The old adage, ‘if something looks too good to be true, it probably is’, was never more applicable than in the area of health and fitness. The news warns us that obesity levels are reaching record highs and that a large percentage of the population is leading a sedentary lifestyle. The obvious remedy to these issues, of course, in movement, and the consumption of a healthy, Mediterranean-style diet. You don’t have to sign up for a high-intensity course to be the CrossFit King or Queen in 2019. Some of the least suspected exercise regimes – including e-cycling and yoga – have been found to be highly beneficial and motivational. Start making a move next year, but be on the lookout for signs that health and fitness companies are promising more than they can deliver.
Signs of Deception
Researchers at the University of British Columbia recently devised an easy-to-use screening tool that will tell you if the health and fitness advertisements you are encountering online are scams or not. It is called The Risk of Deception Tool and it is based on extensive research into the elements that most scams have in common. Even if you aren’t using this tool, you should be vigilant, say researchers, of the following language in ads: the use of ‘mystical’ language that suggests a product has special power; assertions that an item is about to run out, so ‘you must act quickly’; and language which suggests that the item being sold is very rare or unique.
Which Ads are Most Deceptive?
The researchers found that there are certain health and fitness sectors that are often targeted by scammers. These include weight loss, muscle building, and sexual improvement. Often, scams can involve the sale of dangerous supplements or medications that purport to quell pain, asthma, and other health conditions, when they have no such effect. In the case of supplements and skincare products, buyers should be particularly wary, since some of these can contain toxic ingredients or can interact with current medication being taken. The researchers also discovered numerous alternative health practitioners who stated their therapies were far more effective than they actually were.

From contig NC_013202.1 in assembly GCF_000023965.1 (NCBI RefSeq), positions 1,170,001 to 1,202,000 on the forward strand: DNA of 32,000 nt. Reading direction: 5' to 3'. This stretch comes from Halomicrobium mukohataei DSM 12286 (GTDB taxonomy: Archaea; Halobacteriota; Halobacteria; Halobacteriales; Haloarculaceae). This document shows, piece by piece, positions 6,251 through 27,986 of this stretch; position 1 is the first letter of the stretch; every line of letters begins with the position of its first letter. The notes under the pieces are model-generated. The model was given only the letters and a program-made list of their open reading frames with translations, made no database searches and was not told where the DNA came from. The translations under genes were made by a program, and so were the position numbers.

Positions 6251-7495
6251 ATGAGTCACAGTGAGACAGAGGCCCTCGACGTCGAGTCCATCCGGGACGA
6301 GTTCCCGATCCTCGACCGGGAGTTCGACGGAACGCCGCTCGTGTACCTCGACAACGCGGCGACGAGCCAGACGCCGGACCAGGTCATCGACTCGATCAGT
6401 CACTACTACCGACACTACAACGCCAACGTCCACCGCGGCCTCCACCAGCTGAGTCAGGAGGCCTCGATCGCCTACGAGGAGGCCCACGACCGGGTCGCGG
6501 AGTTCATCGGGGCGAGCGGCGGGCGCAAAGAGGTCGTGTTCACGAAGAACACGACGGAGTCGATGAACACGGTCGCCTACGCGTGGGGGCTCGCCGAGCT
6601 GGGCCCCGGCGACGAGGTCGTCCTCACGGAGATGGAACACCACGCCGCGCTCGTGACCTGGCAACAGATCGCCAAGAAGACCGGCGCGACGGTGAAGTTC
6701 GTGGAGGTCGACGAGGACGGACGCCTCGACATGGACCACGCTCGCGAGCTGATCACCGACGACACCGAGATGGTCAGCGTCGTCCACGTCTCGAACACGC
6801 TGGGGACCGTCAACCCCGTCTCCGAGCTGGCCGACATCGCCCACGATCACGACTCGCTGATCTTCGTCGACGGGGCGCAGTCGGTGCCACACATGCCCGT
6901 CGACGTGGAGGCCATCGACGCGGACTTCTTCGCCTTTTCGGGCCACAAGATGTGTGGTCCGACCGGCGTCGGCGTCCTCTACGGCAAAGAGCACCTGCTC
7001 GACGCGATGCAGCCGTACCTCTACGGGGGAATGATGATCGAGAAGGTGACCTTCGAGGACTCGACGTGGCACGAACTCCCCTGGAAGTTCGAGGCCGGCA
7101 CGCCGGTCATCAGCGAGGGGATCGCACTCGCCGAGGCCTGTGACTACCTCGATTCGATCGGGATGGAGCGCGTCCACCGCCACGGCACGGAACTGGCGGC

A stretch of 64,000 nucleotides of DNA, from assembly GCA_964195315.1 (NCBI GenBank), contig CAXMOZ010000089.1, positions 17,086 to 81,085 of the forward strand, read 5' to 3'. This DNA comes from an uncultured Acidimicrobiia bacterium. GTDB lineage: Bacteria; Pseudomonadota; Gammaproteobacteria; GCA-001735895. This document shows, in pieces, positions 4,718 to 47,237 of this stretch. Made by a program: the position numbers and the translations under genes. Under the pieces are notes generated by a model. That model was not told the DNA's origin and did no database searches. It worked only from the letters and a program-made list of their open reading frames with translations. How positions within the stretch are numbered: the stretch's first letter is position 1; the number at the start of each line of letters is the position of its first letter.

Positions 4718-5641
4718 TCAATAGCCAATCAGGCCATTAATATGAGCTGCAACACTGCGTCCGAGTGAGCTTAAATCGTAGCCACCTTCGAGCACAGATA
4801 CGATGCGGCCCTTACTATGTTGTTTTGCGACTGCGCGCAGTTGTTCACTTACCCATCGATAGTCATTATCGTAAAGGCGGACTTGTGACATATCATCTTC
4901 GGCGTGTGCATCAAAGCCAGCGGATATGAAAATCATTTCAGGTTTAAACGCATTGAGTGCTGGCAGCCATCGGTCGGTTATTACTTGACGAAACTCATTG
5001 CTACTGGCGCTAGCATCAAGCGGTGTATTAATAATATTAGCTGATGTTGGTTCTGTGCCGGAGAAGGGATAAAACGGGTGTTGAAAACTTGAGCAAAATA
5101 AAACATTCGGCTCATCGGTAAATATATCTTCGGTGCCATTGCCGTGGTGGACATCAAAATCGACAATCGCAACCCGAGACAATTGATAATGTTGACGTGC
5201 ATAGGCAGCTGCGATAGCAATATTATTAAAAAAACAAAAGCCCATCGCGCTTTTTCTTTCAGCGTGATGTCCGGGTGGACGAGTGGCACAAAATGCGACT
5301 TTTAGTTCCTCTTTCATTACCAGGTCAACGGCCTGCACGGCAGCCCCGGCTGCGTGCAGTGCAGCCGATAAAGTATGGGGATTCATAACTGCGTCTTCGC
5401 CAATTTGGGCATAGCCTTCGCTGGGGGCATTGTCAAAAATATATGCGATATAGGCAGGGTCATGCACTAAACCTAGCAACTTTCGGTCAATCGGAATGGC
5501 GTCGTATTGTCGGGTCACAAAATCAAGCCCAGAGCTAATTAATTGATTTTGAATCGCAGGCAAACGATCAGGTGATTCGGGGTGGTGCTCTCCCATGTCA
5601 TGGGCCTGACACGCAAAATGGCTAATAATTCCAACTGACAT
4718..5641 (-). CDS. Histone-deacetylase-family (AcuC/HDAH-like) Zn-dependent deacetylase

Warnings by the FDA
Only around 1% of people exposed to fraudulent ads lose their money to fraudsters. To bring this number down to zero, it is important to be wary of ads promising ‘quick or miracle fixes’, even if they do offer a money-back guarantee. The FDA has published a list of items to watch out for, including kratom products (which can contain nickel and lead – two heavy metals that are harmful to health), certain male enhancement products, and unproven products for treating diseases like cancer.
The FDA regularly takes action against websites and companies making claims to cure health conditions they are neither authorized nor able to cure, so stay up to date with their publications on recent scams. It is important to take a commonsense approach to ads that promise big results with little or no effort. Nothing beats exercise and a sound diet if you want to achieve weight loss or fitness goals. Burn more calories than you consume, and take part in aerobic and strength workouts to get into shape and keep obesity at bay.